Our previous analyses prompted us to assess whether Tal1 played a role in the formation of Pre-HPCs from the endothelium. The other studies that addressed this question did not find evidence to support a role for Tal1 at this stage12,15. To address this question, we developed a new system. The key was to be able to ensure the activity of TAL1 in the mesoderm in order to produce endothelium and hemogenic endothelium, but to switch off its activity in the latter cell types in order to verify whether blood cell formation could progress. To make this new tool, we disabled the Tal1 gene in the i3TFs line using the CRISPR/CAS9 method (Fig. 6A,B). As expected, no endothelial cells nor blood cells could be generated from these cell lines, and the expression of key hematopoietic transcription factors was drastically reduced (Supplementary Fig. 11), confirming the absence of a functional TAL1 (Fig. 6B,D). To perform our experiments, we induced Tal1, Lmo2 and Lyl1 expression by addition of dox at day 2 of EB differentiation (Fig. 6C), to produce FLK1+ mesodermal cells with hematopoietic potential. After sorting of FLK1+ cells, they were either plated with dox to maintain the expression of the 3TFs, or without to create a hemangioblast culture lacking the expression of a functional TAL1. Cells which were never exposed to dox (Unt Unt condition) were used as negative control. They were unable to produce any blood or endothelial cells but generated VSM as expected from cells lacking a functional TAL1. The constant treatment with dox (Dox Dox condition) led to a high frequency of VE-CAD−CD41+ cells (HP) after 2.75 days of culture. VE-CAD+CD41− cells (Endo) and VE-CAD+CD41+ cells (Pre-HPCs) could also be detected. In contrast, in the condition in which dox was only added at the EB stage (Dox Unt condition), the frequency of VE-CAD−CD41+ cells was about three times lower than in the Dox Dox condition (Fig. 6D). Hematopoiesis was therefore still ongoing after removal of dox albeit at a lower efficiency. At day 3 of culture, transgenic TAL1 protein expression was undetectable in Dox Unt compared to the Dox Dox (Fig. 7A & Supplementary Fig. 12). It is at this stage that we decided to isolate endothelial cells from Dox Unt condition for hemogenic endothelium culture.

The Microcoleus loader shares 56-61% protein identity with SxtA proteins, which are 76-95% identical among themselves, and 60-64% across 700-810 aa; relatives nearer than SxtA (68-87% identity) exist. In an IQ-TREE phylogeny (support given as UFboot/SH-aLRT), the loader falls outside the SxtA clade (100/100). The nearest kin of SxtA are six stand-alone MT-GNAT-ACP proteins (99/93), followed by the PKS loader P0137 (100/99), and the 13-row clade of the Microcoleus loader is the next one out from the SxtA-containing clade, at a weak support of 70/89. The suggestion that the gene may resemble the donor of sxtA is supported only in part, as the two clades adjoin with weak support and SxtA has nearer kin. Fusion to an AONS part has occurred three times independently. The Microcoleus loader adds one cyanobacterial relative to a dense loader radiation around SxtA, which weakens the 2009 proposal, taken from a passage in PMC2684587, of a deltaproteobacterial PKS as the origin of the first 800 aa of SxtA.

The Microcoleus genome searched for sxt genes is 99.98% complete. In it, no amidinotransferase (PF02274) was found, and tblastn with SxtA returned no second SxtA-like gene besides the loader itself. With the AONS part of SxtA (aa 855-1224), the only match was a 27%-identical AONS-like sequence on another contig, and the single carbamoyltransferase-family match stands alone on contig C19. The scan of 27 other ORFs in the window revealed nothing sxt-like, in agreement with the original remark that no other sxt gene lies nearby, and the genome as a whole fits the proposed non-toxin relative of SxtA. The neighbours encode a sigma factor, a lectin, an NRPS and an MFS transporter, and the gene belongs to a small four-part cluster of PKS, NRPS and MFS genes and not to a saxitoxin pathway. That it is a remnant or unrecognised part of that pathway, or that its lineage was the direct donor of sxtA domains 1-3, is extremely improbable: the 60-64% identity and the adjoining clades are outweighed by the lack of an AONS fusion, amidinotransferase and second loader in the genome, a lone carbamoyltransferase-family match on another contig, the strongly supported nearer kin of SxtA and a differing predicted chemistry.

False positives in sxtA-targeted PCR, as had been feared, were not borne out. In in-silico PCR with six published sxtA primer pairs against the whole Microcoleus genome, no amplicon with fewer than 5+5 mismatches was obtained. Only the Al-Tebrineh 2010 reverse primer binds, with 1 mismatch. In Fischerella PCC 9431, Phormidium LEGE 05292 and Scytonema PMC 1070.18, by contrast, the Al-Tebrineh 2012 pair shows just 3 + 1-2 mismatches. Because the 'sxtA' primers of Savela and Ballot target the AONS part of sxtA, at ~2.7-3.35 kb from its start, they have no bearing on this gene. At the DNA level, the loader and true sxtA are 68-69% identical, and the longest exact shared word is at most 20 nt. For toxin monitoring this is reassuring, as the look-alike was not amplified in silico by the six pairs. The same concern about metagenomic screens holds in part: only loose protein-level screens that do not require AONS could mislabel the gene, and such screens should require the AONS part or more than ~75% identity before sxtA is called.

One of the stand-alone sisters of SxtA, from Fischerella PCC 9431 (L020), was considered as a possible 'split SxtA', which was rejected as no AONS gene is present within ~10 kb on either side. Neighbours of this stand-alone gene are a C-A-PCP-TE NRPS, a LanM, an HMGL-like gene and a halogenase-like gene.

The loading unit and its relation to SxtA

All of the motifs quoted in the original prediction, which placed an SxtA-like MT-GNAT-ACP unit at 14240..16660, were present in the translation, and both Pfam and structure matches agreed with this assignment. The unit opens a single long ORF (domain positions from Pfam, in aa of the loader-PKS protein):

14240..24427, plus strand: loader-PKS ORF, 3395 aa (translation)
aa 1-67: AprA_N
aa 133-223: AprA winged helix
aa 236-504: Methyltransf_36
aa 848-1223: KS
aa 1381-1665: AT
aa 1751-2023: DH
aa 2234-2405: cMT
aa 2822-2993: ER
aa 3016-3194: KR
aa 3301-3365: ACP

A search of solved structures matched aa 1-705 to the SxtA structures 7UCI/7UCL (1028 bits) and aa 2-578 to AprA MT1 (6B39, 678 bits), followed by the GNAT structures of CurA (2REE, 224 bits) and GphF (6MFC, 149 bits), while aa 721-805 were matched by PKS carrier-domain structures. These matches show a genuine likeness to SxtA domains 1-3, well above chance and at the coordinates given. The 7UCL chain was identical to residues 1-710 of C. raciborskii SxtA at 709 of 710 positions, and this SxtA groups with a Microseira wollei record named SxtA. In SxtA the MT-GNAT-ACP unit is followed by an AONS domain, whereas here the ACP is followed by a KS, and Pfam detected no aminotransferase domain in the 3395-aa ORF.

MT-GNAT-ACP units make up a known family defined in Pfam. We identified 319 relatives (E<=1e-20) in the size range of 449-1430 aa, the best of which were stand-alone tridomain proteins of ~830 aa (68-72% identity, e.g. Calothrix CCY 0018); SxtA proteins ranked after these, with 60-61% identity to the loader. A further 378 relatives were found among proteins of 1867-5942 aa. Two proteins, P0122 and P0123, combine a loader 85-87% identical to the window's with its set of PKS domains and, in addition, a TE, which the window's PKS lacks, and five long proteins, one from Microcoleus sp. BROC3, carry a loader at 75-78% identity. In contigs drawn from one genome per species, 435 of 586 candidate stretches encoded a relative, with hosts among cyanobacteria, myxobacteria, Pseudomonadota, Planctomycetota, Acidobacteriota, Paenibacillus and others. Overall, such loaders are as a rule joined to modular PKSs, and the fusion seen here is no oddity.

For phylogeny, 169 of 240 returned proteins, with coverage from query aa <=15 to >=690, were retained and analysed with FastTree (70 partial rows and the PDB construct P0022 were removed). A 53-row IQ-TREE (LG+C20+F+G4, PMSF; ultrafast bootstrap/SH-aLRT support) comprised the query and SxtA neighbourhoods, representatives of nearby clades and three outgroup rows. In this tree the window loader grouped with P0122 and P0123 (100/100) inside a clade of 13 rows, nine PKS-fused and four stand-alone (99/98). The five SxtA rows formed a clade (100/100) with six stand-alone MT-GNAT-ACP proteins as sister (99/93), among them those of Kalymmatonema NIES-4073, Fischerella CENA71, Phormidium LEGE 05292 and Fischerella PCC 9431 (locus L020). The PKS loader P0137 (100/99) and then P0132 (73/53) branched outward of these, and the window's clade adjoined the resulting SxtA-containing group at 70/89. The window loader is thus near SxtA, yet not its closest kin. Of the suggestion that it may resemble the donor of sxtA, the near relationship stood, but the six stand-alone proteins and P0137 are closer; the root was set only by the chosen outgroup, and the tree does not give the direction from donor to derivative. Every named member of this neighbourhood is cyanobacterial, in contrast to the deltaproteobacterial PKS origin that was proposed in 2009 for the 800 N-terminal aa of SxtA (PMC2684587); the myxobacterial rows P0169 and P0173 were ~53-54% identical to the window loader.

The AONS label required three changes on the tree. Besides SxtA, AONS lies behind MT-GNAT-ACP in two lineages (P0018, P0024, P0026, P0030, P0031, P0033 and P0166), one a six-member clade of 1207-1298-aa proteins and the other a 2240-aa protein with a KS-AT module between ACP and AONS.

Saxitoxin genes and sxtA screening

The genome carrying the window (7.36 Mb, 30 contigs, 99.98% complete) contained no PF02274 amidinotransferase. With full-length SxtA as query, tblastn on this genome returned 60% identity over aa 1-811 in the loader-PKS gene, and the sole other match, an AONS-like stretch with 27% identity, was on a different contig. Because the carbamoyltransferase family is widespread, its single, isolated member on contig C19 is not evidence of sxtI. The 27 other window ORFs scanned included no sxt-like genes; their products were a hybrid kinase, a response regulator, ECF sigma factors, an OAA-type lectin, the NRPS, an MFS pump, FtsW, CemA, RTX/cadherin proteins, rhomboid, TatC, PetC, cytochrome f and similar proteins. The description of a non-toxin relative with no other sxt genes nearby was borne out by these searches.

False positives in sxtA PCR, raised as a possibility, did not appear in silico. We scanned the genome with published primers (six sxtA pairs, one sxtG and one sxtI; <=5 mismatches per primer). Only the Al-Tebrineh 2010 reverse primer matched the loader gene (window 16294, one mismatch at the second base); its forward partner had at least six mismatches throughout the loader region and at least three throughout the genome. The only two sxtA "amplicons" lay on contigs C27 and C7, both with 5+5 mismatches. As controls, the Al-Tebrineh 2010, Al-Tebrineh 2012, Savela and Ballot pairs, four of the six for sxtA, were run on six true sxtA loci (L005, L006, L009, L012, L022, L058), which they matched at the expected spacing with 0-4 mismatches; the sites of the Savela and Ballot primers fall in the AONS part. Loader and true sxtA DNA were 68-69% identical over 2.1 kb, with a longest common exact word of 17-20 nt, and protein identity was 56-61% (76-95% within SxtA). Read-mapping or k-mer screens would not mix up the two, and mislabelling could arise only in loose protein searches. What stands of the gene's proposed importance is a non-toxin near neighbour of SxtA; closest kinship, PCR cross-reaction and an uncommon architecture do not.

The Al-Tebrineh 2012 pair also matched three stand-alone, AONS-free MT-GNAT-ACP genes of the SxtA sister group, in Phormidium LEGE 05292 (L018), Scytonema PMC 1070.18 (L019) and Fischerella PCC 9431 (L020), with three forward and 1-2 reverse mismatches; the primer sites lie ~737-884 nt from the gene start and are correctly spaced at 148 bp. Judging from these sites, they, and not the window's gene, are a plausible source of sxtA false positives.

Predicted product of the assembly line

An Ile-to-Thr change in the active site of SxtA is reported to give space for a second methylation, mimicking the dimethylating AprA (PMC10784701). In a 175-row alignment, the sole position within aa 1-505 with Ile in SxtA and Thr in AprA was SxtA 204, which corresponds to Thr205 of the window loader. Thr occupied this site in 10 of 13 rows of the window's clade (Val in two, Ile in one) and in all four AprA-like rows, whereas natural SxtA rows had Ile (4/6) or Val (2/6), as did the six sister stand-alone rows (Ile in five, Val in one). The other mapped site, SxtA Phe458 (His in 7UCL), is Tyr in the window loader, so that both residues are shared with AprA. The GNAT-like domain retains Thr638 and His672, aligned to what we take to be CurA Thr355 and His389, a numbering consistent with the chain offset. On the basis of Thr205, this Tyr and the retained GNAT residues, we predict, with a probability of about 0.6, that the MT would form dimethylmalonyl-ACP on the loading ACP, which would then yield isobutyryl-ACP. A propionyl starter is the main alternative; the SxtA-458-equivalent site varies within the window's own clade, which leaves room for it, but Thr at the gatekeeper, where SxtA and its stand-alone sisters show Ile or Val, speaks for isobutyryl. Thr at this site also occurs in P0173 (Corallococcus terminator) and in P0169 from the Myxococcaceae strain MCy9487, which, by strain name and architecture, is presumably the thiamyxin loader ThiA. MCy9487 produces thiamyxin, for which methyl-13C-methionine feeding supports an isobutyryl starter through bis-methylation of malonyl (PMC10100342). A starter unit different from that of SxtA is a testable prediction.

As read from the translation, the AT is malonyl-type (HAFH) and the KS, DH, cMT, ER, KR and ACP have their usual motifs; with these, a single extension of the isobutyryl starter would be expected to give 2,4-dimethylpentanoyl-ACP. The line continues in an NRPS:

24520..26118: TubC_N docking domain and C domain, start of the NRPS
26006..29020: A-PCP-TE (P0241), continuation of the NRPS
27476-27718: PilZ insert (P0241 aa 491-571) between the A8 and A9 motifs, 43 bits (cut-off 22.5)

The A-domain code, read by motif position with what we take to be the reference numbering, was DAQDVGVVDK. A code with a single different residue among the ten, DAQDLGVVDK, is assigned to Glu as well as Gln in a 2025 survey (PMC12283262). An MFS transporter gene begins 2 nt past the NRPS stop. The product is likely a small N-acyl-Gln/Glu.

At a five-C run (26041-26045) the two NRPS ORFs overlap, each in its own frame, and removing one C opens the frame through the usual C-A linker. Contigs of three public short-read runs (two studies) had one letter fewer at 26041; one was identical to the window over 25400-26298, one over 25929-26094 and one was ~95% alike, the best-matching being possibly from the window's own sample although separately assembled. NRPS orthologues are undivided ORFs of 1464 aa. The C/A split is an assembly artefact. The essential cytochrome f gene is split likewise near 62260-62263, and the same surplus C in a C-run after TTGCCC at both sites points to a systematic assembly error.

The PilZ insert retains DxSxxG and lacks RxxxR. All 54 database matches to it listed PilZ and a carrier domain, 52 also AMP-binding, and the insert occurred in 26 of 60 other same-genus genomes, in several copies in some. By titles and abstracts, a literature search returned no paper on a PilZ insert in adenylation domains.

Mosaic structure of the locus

We isolated VE-CAD+CD41− cells by FACS sorting from Dox Unt hemangioblast cultures at day 3 (Fig. 7B). Parts of these cells were assessed by RNA-seq while the rest was used for the in vitro culture assay. We found that these cells strongly expressed Runx1, Erg, Fli1, Gata2 and Cbfb, as well as additional hematopoietic genes such as Gpr56, which is required for HSPC generation43, and Spi1, a regulator of HSPC differentiation (Fig. 7C, Supplementary file S5). The hemogenic endothelium culture was performed in absence or presence of dox. When the 3TFs were not induced, therefore in absence of transgenic TAL1 expression, none or very few CD41+ cells were detected. In contrast, dox addition led to a significant increase of CD41+ cell frequency. Most of these cells were VE-CAD+CD41+ (Pre-HPCs), but more mature VE-CAD−CD41+ (HP) were also found (Fig. 7D). Hematopoietic cell growth assay was performed following the hemogenic cell culture. We could consistently detect CD45+ cells from the culture in dox condition, while in untreated cultures the frequency of CD45+ cells was surprisingly variable, ranging from undetectable to levels comparable to those of dox-treated cultures (Fig. 7E & Supplementary Fig. 13). Taken together, these evidences seem to suggest that in the absence of a functional TAL1 the EHT process is highly inefficient, with a consequently inconsistent level of hematopoietic production (Fig. 7D). Tal1 appears therefore to play an essential role in ensuring the efficient production of VE-CAD+CD41+ cells from the endothelium and a sustained hematopoietic output.